A Fundamental Flaw in the Standard View

As far as I can see, the standard view is incompatible with one particular finding of modern science—now accepted as fact—that unidirectional actions do not exist and that all physical interactions are instead thoroughly reciprocal; whenever one object exerts an influence on another, the other simultaneously exerts an influence of the same kind and of the same magnitude on the first. If this is true, we should infer that the standard view is false and that all notions deriving from or influenced by the idea of unidirectional actions—such as the concept of mutual manifestation and reciprocal disposition partners—risk being false by the same measure, in so far as they incorporate any aspect of the active/passive or Agent/Patient distinction.

Mario Bunge, in his book Causality, first published in 1959, was the first to note the above-mentioned incompatibility of the standard view with modern science. Later editions bore the title Causality and Modern Science, and all references in this book are to the third edition published in 1979. However, while Bunge came to the conclusion that the standard view is ontologically inadequate, he did not think a concept of causation based on interaction was viable. He suggested we keep the standard view as a methodologically useful approximation. Below, I will go through the details of Bunge’s critique of the standard view, and then argue that he is wrong to dismiss interaction as the fundamental feature of causation. The end result is a total cause conception based on interaction as the fundamental mechanism of causal production. I believe this view is compatible with the theories and findings of natural science, establishes causal connections as necessary in two different ways (see Chapter 5), offers a way to understand constitution and persistence as causal phenomena (see Chapter 6), and which reduces the incompatibility of substance and process ontologies (see Chapter 7).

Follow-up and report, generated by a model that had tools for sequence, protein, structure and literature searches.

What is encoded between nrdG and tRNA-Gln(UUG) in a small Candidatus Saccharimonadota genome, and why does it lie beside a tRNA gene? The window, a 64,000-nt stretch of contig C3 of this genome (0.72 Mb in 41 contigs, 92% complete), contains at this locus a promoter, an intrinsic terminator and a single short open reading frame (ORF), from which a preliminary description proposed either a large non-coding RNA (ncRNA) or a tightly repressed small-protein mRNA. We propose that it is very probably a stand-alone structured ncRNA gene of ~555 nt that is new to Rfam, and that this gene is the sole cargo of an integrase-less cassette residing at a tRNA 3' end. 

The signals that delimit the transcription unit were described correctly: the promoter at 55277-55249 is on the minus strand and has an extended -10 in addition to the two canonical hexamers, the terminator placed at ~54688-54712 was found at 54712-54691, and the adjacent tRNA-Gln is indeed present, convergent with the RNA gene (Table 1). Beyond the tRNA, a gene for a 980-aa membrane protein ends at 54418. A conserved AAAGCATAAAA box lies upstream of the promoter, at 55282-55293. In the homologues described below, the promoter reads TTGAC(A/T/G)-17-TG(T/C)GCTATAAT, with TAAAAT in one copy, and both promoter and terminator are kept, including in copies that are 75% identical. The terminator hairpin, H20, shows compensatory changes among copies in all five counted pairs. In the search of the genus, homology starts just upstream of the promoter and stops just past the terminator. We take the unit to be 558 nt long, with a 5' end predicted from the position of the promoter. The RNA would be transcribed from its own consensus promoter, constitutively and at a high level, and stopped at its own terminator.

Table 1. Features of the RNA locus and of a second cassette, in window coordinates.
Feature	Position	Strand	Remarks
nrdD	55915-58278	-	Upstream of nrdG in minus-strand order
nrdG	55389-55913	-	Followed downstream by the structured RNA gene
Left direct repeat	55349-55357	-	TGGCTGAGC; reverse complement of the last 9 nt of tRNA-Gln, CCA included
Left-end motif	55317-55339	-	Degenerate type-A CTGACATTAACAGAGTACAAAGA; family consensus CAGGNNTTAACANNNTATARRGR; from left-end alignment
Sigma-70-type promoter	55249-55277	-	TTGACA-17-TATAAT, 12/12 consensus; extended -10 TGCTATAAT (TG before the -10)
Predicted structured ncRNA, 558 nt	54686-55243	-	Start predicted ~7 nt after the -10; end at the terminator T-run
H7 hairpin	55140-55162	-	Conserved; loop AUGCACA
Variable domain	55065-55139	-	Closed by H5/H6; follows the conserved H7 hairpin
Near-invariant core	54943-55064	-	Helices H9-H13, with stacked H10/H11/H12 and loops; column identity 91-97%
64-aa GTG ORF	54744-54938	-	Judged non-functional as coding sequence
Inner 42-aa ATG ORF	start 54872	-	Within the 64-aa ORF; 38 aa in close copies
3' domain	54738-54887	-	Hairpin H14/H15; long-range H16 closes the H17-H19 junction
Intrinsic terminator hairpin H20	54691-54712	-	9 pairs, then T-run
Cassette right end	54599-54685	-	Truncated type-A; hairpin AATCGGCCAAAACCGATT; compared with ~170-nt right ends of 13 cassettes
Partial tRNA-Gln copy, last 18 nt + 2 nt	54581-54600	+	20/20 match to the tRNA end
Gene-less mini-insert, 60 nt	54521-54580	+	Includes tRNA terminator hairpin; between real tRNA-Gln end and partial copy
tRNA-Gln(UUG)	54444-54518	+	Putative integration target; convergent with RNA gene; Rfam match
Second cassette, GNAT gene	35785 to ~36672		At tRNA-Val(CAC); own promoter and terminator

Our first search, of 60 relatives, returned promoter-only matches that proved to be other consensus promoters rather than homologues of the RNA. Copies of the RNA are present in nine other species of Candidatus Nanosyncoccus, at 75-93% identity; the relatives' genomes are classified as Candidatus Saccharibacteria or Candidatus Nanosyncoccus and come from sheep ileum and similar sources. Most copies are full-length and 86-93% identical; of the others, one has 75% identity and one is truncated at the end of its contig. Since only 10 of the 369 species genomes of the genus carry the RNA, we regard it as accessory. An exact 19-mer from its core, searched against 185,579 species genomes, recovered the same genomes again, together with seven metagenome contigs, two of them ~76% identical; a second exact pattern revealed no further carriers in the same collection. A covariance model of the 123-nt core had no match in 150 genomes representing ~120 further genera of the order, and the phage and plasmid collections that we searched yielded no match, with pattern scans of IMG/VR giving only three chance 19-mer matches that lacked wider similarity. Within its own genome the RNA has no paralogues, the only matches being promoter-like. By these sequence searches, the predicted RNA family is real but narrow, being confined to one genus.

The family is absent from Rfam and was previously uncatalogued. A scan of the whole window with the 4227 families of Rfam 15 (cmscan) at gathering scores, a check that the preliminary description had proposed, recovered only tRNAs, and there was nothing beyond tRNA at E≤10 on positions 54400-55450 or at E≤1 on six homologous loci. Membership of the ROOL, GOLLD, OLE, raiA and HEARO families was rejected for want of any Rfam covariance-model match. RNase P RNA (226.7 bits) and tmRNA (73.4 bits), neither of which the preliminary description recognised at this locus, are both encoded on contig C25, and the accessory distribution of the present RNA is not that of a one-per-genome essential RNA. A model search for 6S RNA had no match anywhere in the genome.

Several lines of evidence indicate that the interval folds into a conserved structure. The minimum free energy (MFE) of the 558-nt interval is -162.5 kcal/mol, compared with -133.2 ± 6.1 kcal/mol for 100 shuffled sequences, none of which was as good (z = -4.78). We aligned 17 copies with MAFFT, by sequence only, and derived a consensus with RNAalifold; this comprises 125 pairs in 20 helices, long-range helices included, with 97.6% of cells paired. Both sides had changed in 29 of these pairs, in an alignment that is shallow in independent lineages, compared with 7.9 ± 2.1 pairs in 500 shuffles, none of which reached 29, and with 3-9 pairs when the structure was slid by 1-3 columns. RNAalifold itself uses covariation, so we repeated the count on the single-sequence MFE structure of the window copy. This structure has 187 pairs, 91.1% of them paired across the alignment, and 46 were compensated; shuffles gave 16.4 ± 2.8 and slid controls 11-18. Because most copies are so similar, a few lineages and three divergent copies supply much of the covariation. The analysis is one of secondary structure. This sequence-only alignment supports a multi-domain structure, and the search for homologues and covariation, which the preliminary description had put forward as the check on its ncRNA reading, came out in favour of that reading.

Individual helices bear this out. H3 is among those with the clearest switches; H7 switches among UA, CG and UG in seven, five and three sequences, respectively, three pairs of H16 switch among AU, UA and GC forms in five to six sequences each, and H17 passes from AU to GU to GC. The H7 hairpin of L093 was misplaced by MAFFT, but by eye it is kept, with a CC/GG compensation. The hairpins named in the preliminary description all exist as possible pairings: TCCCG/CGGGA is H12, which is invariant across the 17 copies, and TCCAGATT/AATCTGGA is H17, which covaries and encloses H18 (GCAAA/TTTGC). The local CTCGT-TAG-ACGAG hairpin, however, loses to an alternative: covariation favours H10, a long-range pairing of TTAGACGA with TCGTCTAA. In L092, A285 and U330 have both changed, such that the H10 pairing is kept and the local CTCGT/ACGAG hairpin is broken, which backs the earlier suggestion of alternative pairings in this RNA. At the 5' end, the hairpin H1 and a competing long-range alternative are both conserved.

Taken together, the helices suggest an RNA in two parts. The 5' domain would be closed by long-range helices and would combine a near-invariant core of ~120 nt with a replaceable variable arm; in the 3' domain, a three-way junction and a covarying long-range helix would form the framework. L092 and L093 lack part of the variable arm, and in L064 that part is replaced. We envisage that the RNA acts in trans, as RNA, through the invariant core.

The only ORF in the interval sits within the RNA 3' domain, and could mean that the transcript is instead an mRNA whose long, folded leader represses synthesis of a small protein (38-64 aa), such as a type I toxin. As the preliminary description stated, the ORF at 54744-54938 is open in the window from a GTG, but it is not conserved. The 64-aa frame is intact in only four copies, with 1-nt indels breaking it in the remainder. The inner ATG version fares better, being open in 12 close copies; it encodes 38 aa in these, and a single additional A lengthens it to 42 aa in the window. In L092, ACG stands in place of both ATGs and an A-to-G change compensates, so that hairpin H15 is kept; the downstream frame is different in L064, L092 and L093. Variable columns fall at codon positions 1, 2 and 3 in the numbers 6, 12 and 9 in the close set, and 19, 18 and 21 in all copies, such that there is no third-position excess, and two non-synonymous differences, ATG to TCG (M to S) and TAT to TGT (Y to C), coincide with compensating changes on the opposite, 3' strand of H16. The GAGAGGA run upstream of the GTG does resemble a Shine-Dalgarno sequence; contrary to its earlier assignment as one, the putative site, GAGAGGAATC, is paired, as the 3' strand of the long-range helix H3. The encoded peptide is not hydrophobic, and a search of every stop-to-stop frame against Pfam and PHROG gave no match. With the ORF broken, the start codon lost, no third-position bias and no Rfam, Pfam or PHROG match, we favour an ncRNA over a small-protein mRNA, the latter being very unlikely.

The idea that interactions are reciprocal is not new. It came to be established as fact in conjunction with the acceptance of Newtonian mechanics generally, and it is one of the features of classical physics that remains unchallenged by relativity and quantum physics. The exact sense in which interactions are reciprocal is expressed most clearly in the third law of motion:

Third Law of Motion : F,on2 = -F2onl

The novelty of my view is therefore not in the characterisation of interactions as reciprocal, but in the suggestion that we can, and should, understand causation in terms of interaction thus defined. To be more precise, it is new that such an idea is defended. Bunge considers the possibility but dismisses it.

The concept of interaction, as defined by classical mechanics, is one that philosophers constantly misunderstand, because of the connotations that the terms ‘action’, ‘reaction’, and ‘interaction’ have in ordinary language. It requires something of a shift of perspective to get a full grasp of the concepts. The claim ‘for every action an equal and opposite reaction’—which is the essence of the third law of motion expressed in plain English—is familiar enough, but it is often misunderstood to mean that the terms ‘action’ and ‘reaction’ denote two ontologically different phenomena, of which the action comes first and provokes the reaction. In fact, it is often understood as saying that ‘for every influence transmitted from A to B, A must lose as much as B gains’, which is really a question of conflating classical mechanics with what the Scholastics called ‘transeünt causation’, a forerunner to the transmission theory (see, for instance, Bennett 1974: 59; Le Poidevin 1988). In other words, the ‘reaction’ is often understood as the effect of the action, and therefore it is assumed that ‘for every action a reaction’ states that effects react back on their causes. On this understanding, causes and effects interact, which is not at all how the third law is understood in science.

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